The largest community college in the state is relocating one of its campuses to 34 acres of land in Apex to meet the needs of its growing region.
Wake Technical Community College leaders announced Wednesday the allocation of the land and their plans to move the college’s western campus to the larger site now covered in trees.
Wake Tech’s 55,000-square-foot western campus is now in Cary at 3434 Kildaire Farm Road in the Millpond Village Shopping Center.
But even though Wake Tech has secured the new site, the relocation can only happen with the approval of $353.2 million in bonds to pay for the college’s strategic growth plan.
The school’s Workforce Forward Bond, a four-year, four-part strategic growth plan, will be on the ballot in the general election on Nov. 8 for Wake County voters.
“Our existing facility is in a shopping center in Cary. While it’s a nice place that has served its purpose, it presents some real accessibility challenges for us, particularity parking,” said Scott Ralls, the president of Wake Tech. “It’s also not ideal for the highly technical and sophisticated job training that’s needed in this area that has such dynamic job growth.”
Ralls, who has served at the college’s helm since 2005, made the announcement to a crowd of about 50 people, including several Wake County leaders, in the parking lot of Dell Technologies on Technology Drive in Apex, which will be adjacent to the future western campus.
‘Permanent site’ for western Wake Tech
There aren’t many places to find 34 acres of available land in a growing area like Wake County, Ralls told The News & Observer. The new site sits at the intersections of U.S. 1, N.C. 55 and the N.C. 540 Triangle Expressway.
Ralls said Apex was the best place for to relocate the facility to establish “permanent roots” for the western campus.
“We were excited, particularly here, because this part of Wake County is booming,” Ralls said. “Part of the boom is future job growth.”
In recent years, biotech companies Fujifilm, Securous Technologies and Amgen have come to the Triangle area offering more jobs and bringing in new residents.
“The question is not whether the jobs are coming,” Ralls said. “The question is whether there’s an opportunity for people who are from this region to claim those jobs. That’s why Wake Tech’s so important.”
The new western site will feature a Workforce Development Center with life science, information technology and industrial training labs to support the dynamic job growth in the region.
The site will also include the relocation of the college’s business and entrepreneurship programs, University Transfer opportunities and campus operations.
About 75% of the students who attend Wake Tech also live in Wake County, he said.
Wake Tech has seven campuses around the county and serves more than 70,000 students each year. The school also brings in about $1 billion a year to the local economy, according to Jamie Thomas, the chair of the school’s Board of Trustees.
The expansion to Apex would provide an opportunity for graduates to stay in the area and have secured employment.
“We want them to move up through Wake Tech,” Ralls said. “We’re not here by accident.”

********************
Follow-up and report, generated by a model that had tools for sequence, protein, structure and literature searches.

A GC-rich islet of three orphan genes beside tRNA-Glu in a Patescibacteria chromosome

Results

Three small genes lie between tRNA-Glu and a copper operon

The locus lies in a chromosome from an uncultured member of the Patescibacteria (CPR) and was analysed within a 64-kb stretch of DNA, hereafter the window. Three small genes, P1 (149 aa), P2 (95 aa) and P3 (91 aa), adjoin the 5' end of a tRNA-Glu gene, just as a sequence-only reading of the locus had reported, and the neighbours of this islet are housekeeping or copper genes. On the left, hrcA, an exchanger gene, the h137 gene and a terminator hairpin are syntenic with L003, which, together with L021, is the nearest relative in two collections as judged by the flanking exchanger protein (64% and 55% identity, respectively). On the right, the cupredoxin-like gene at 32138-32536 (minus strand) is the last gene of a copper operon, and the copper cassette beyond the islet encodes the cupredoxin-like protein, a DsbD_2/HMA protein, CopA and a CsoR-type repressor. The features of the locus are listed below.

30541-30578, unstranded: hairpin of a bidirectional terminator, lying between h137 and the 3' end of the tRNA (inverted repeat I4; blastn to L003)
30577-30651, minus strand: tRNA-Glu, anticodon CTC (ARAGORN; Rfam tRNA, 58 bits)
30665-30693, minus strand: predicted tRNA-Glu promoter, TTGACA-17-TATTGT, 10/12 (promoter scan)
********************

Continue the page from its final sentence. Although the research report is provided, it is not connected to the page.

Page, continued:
Apex Mayor Jacques Gilbert, an alum of Wake Tech, said that bringing the western campus to the town is a “milestone.”
“We understand the benefits that it would bring to Apex with workforce training. It’s not only a priority for Wake Tech but it’s a priority for Apex as well,” Gilbert said at Wednesday’s event.
He said the campus will be another choice for local high school students after graduation.
“This will help start their higher education journey, and it certainly was the case for me,” Gilbert said. “This was instrumental in my success.”
The Workforce Forward Bond
While Ralls said Wednesday’s announcement represented “an important” day for the school, Nov. 8 will be even more important. That’s when voters will decide whether the campus can become a reality.
“We have the land but how quickly we develop and how quickly we can grow and build here will be dependent on that,” he said.
Ralls was joined Wednesday by other elected officials and town staff, including Holly Springs Mayor Sean Mayefskie, Wake County Commissioner Shinica Thomas and Cary Assistant Town Manager Shelley Curran.
“Having a permanent (western) Wake Tech campus out here can change the lives of a lot of our residents,” Curran said. “It’s also going to affirm the fact that Wake Tech is truly the fabric of this community.”
Erica Tyler, an online student who attended the event, said the new western campus would be a good introduction for prospective students.
“When I was in high school, I couldn’t really see the end point but everybody here at Wake Tech is really encouraging,” she said. “I know people in Fuquay(-Varina) would be really excited about this.”
Eli Coats, who attends Wake Tech’s southern campus, said going to a community college before enrolling at a four-year university has helped him explore more options.
Other areas of expansion of the bond
- A 120,000-square-foot facility on the Perry Health Science Campus on Holston Lane in Raleigh. The new building would simulate a hospital and will allow the school’s nursing programs to expand with the potential addition of mental health, physical therapy, occupational therapy and respiratory therapy programs.
- A cyber-science facility on the RTP Campus in Morrisville and expansion to the school’s life sciences and information technology programs
- Infrastructure investments to the entire college and the Southern Wake Campus
More information about the bond can be found on Wake Tech’s website.
This story was originally published September 21, 2022 3:34 PM.